States and some local governments around the country have recently targeted natural gas usage for elimination. Some local governments have banned the installation of natural gas hook-ups in new construction. Massachusetts allows municipalities to adopt “stretch energy codes” that allow for local bans. California requires new homes to be “electric-ready.” And New York Governor Kathy Hochul recently announced her support for a ban on natural gas in new construction by 2027. Minnesota lawmakers have pursued similar measures.

On the other hand, 20 states have enacted prohibitions on these types of local bans, preserving natural gas as an option in homes and commercial buildings. Natural gas is often half the price or less of electric heating on an energy equivalent basis.

Energy costs vary by area, and it’s important for small businesses to be able to choose the energy source that is most affordable and most practical for them. It is impractical and expensive to force small businesses to rely solely on electricity for all energy needs. 

No Electric Vehicle Subsidies. NFIB-MN members strongly oppose new or increased taxes, fees, or surcharges to fund subsidies for electric vehicles or related infrastructure (e.g., charging stations). 

New fees or taxes on transportation and energy to provide electric vehicle rebates are a tax increase on small businesses and average Minnesotans to benefit the wealthiest consumers at a time when energy costs are already on the rise. In recent years, Minnesota lawmakers have proposed tens of millions in taxpayer-funded subsidies for electric car purchases and charging stations.

Our members believe it should be the responsibility of EV manufacturers and users to fund the development of infrastructure for their use. Innovation and market demand, not government subsidies, will fix barriers to adoption like lower mileage range and long charging times. 

No Small Business Mandates. The small business recovery remains fragile. NFIB members continue to report numerous headwinds. Inflation, supply chain shortages, worker shortages and the lingering effects of the pandemic are all hurting small businesses’ ability to regain their footing. 

Now is not the time for harmful, expensive mandates on the private sector. We will fight misguided attempts to have the government micromanage small businesses, including interference with the ability to set wages, determine benefits, and manage employee relations. Unfunded mandates like paid leave requirements, advanced scheduling, or government run paid family and medical programs would add significant expense for small businesses and make them less competitive.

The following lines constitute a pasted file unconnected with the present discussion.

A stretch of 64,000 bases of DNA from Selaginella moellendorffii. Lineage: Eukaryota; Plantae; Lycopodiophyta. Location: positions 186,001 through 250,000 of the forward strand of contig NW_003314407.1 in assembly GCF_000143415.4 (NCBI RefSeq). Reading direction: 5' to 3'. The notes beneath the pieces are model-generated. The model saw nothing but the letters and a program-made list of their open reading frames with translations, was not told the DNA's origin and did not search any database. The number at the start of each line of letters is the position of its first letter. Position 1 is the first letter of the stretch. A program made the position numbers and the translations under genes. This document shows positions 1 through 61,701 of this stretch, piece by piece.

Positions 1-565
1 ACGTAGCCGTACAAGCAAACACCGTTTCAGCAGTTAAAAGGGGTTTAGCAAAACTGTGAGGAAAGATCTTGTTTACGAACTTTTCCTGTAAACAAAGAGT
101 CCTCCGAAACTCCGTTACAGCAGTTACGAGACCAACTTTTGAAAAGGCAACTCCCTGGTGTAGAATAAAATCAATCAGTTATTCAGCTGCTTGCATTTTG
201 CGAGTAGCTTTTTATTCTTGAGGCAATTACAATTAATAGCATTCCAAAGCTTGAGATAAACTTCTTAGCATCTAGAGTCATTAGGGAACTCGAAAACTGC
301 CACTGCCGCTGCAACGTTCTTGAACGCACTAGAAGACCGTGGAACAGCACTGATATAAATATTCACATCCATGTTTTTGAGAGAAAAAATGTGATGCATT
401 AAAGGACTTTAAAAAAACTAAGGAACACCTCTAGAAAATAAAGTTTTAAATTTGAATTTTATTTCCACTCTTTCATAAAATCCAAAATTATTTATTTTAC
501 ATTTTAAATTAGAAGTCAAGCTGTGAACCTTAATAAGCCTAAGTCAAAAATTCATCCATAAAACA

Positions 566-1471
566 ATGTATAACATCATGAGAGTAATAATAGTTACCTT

Small businesses know their business better than the government ever will and nobody wants their small business to succeed more than an owner. Minnesota lawmakers should look for ways to make it easier for entrepreneurs to find success, not put additional obstacles in their way.

No Hiring Restrictions. Minnesota’s workforce shortage is hurting the small business recovery. Our state’s labor force participation rate remains well below pre-pandemic levels, exacerbating the hiring challenge.

In a recent survey, almost half of NFIB members reported job openings they could not fill in the preceding month. Ninety-five percent of small businesses hiring or trying to hire reported few or no qualified applicants for their open positions. Eighty-three percent reported increasing starting wages to entice more applicants. 

The last thing small employers need is further interference in the hiring process. This is why NFIB-MN members oppose attempts to prohibit employers from asking applicants about salary history or conducting a credit check on prospective employees.

Related Content: Small Business News | Minnesota

Subscribe For Free News And Tips

Enter your email to get FREE small business insights. Learn more

Get to know NFIB

NFIB is a member-driven organization advocating on behalf of small and independent businesses nationwide.

Learn More

Or call us today

© 2001 - 2024 National Federation of Independent Business. All Rights Reserved. Terms and Conditions | Privacy